Among the perfect picture effects it produces at the hands of the organist are the following: Rain, pounding of the surf on the beach, galloping of horses, castanets and tambourines for Spanish dances, telephone bell, auto horn, orchestra bells, xylophone, cathedral chimes, snare drum and bass, drum and cymbals, and imitation not only of human voices but those of domestic and wild fowls and animals.
    While this organ is not the largest of its type, yet it possesses all the qualities of the largest, and is of the design and size manufactured for theaters the size of the Page. Larger instruments of the same type are in the Liberty and Columbia theaters of Portland, and the Liberty and Coliseum theaters of Seattle.
    Suffice it to say that when Medford audiences hear this instrument from day to day they will be grateful that Sir Robert Hope-Jones invented it, applying thereto electricity and with a new arrangement of pipes thus doing away with the old style of pipe organ building. No wonder the king of England knighted the inventor.
    The organ was very carefully installed in accordance with the acoustic properties of the Page by B. C. DuShiell of Seattle, expert installation man and organ builder of the Rudolph Wurlitzer Company, who is a cultivated musician.
    In the construction of this wonderful organ at the Page, 275 miles of fine wire are used, including the wrapping of the magnets. The high wind pressure is furnished by a 2-horsepower motor, located in the basement of the theater. There is also an independent generating plant for developing the current necessary for the operation of the instrument.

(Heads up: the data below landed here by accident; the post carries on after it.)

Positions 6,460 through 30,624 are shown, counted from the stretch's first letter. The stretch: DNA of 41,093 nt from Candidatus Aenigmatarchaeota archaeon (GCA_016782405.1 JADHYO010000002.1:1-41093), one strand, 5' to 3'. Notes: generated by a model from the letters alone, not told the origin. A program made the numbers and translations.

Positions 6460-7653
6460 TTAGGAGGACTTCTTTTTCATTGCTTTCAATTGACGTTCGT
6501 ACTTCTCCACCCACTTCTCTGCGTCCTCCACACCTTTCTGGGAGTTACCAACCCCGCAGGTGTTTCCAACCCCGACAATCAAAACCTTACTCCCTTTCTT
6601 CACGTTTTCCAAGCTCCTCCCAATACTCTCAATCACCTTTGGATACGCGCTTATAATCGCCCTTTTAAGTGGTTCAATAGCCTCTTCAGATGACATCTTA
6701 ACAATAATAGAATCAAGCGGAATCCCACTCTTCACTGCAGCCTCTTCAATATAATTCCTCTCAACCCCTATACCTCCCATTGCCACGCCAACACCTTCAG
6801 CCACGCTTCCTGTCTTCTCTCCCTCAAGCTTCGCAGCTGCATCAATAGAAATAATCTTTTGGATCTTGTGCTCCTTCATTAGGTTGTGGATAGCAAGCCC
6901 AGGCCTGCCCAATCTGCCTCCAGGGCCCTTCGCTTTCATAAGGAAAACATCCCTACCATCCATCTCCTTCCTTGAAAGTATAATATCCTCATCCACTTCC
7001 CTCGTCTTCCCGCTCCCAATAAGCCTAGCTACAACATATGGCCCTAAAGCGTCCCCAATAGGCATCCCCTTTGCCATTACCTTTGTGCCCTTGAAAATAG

Medford Mail Tribune, November 20, 1920, page 3

New Organist, Page
    Miss Grace Brown, talented and well-known musician of professional ability, will succeed Miss Jeunesse Butler at the bit Wurlitzer organ at the Page Theater beginning today.
    Miss Butler, who has so efficiently presided at the Wurlitzer, resigned to afford herself a much-needed rest before going north to fill another engagement.
    Both young ladies have a host of friends and admirers who wish them the greatest success in their new advancements.
Medford Mail Tribune, October 3, 1921, page 6

Medford Business Man Is Instantly Killed When Wall Falls in Page Theater Fire--
Fire Chief Injured--Playhouse Is Completely Destroyed by Blaze.
    As a result of a spectacular fire, which originated from an unknown cause and which was practically in full blast when first discovered, the Page Theater was completely gutted Sunday, and Amos R. Willits, volunteer fireman and popular young business man and partner in the Presto-O-Lite Battery Service and Electrical Supplies Station, was instantly killed and Fire Chief Roy Elliott was badly injured, when the stage firewall collapsed and fell on them.
    Amos Willits was 39 years old and leaves a wife and son, Billy, about one year and a half old. He was of exceptionally pleasing character and disposition, and his tragic end is mourned by a wide number of friends, while the sympathy of the entire community goes out to the widow.
    The funeral services will be held Thursday at 3 p.m. at the Perl Funeral Home, Mrs. Willits' brother being en route here from North Dakota, to attend the funeral.
Estimate Loss $100,000